The victory was so complete, hopes are so high, the expectations are positively staggering. There is nowhere to go but down.
A couple of quick samples:
From the Associated Press:
Naming the staggering list of problems he inherits — two wars and "the worst financial crisis in a century," among them — Obama sought to restrain the soaring expectations of his supporters.
"We may not get there in one year or even in one term," he said. "But, America, I have never been more hopeful than I am tonight that we will get there. I promise you, we as a people will get there."
A tide of international goodwill came Obama's way on Wednesday morning, even as developments made clear how heavy a weight will soon be on his shoulders.
Russian President Dmitry Medvedev issued a congratulatory telegram saying there is "solid positive potential" for the election to improve strained relations between Washington and Moscow, if Obama engages in constructive dialogue.
Yet he appeared to be deliberately provocative hours after the election with sharp criticism of the U.S. and his announcement that Russia will deploy missiles near NATO member Poland in response to U.S. missile defense plans.
Reaction in Africa:
Many Africans fervently hope his victory will mean more U.S. support for local development and an improvement in living conditions for the majority on the world's poorest continent.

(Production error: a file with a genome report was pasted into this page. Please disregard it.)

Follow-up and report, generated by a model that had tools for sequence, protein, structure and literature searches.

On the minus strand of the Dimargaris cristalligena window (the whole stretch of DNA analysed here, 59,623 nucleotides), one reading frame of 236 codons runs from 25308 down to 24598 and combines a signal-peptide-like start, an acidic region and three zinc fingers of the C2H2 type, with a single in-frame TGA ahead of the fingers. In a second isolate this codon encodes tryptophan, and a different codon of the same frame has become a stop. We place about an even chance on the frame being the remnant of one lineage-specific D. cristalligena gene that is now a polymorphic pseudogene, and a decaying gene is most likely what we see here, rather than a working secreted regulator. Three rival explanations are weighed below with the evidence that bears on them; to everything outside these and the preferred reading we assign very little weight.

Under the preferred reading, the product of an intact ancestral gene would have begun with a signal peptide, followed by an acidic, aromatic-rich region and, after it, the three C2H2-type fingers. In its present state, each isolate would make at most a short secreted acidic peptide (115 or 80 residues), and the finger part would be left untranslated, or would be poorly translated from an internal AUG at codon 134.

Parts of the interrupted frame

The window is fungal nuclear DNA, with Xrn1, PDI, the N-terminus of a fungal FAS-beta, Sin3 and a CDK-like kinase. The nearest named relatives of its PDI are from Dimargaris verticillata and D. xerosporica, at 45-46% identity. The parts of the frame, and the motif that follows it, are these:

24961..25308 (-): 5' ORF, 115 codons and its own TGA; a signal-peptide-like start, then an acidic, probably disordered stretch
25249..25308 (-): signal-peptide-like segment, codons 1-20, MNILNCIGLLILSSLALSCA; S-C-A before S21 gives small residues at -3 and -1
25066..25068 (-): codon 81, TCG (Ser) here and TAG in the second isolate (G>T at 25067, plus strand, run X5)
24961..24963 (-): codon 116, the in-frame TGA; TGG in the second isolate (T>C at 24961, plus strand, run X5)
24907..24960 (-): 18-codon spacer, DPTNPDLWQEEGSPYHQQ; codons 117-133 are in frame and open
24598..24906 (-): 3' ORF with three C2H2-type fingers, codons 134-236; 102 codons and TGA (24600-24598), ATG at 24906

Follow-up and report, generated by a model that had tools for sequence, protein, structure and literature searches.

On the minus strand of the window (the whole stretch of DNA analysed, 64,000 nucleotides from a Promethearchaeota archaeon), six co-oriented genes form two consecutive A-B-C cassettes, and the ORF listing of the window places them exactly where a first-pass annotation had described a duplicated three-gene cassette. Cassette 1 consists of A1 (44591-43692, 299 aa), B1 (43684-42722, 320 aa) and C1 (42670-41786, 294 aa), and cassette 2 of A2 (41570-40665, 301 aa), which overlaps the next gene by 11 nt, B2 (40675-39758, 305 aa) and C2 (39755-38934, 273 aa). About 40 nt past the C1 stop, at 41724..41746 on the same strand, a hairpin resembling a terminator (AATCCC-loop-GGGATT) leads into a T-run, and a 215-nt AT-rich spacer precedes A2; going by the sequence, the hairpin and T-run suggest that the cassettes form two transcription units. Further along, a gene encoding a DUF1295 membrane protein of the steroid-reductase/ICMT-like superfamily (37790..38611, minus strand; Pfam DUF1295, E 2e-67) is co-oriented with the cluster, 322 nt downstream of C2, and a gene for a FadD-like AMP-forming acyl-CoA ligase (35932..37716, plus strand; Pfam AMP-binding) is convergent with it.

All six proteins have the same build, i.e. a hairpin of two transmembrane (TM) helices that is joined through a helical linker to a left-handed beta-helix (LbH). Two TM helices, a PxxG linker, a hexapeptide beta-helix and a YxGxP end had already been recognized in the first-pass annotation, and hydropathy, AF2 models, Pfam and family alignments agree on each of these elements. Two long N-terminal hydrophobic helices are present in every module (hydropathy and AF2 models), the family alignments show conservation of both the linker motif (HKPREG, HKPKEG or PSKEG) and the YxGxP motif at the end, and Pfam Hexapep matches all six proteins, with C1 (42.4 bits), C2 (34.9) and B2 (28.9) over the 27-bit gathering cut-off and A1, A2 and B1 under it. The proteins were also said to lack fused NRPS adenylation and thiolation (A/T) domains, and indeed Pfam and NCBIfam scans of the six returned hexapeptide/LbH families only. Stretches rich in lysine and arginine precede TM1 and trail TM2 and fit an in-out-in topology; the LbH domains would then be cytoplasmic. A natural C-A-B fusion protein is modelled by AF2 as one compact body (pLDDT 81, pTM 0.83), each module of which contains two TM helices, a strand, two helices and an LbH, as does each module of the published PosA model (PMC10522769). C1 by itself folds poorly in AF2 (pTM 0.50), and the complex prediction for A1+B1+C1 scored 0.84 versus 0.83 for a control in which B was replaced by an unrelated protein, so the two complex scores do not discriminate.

"We trust that you will also make it the mission of your presidency to combat the scourge of poverty and disease everywhere," former South African President Nelson Mandela said.
South African Nobel Peace laureate Desmond Tutu likened Obama's victory to his country's triumph over apartheid and Nigeria's President Umaru Yar'Adua said the result had "finally broken the greatest barrier of prejudice in human history."
Analysts have cautioned, however, that Obama may have little scope to bring tangible benefits to Africa, and that he does not have a strong track record of interest in the continent.
More international reaction:
Financial markets in Asia were higher Wednesday as traders were hopeful that Obama could successfully tackle the global economic crisis. But in Europe and later on Wall Street the main markets were down by at least 1 percent.
In an open letter to Obama, French President Nicolas Sarkozy offered "my warmest congratulations, and through me, those of the entire French people."
He said Obama's election raised in France, in Europe and around the world "an immense hope" and that the American people "had expressed with force their faith in progress and the future."
One CNN reader Toby Nevin wrote on a blog: "I stayed up through the night to watch from Paris. What a wonderful moment. It seems that the tide has turned from division and fear towards hope, responsibility and unity.
"Obama is a great leader for a United States of America that deserves him as a guide through these troubled times. Let us all remember our engagement to this spirit of positive change!"
There are, of course, many more moderate responses, noting the magnitude of the challenges Obama faces. And if he manages to rise to just some of the expectations, America will be well off.
And for the election-weary, the BBC offers this Not-the-election quiz. I managed not to be a total loser. Bet you can't do much better.
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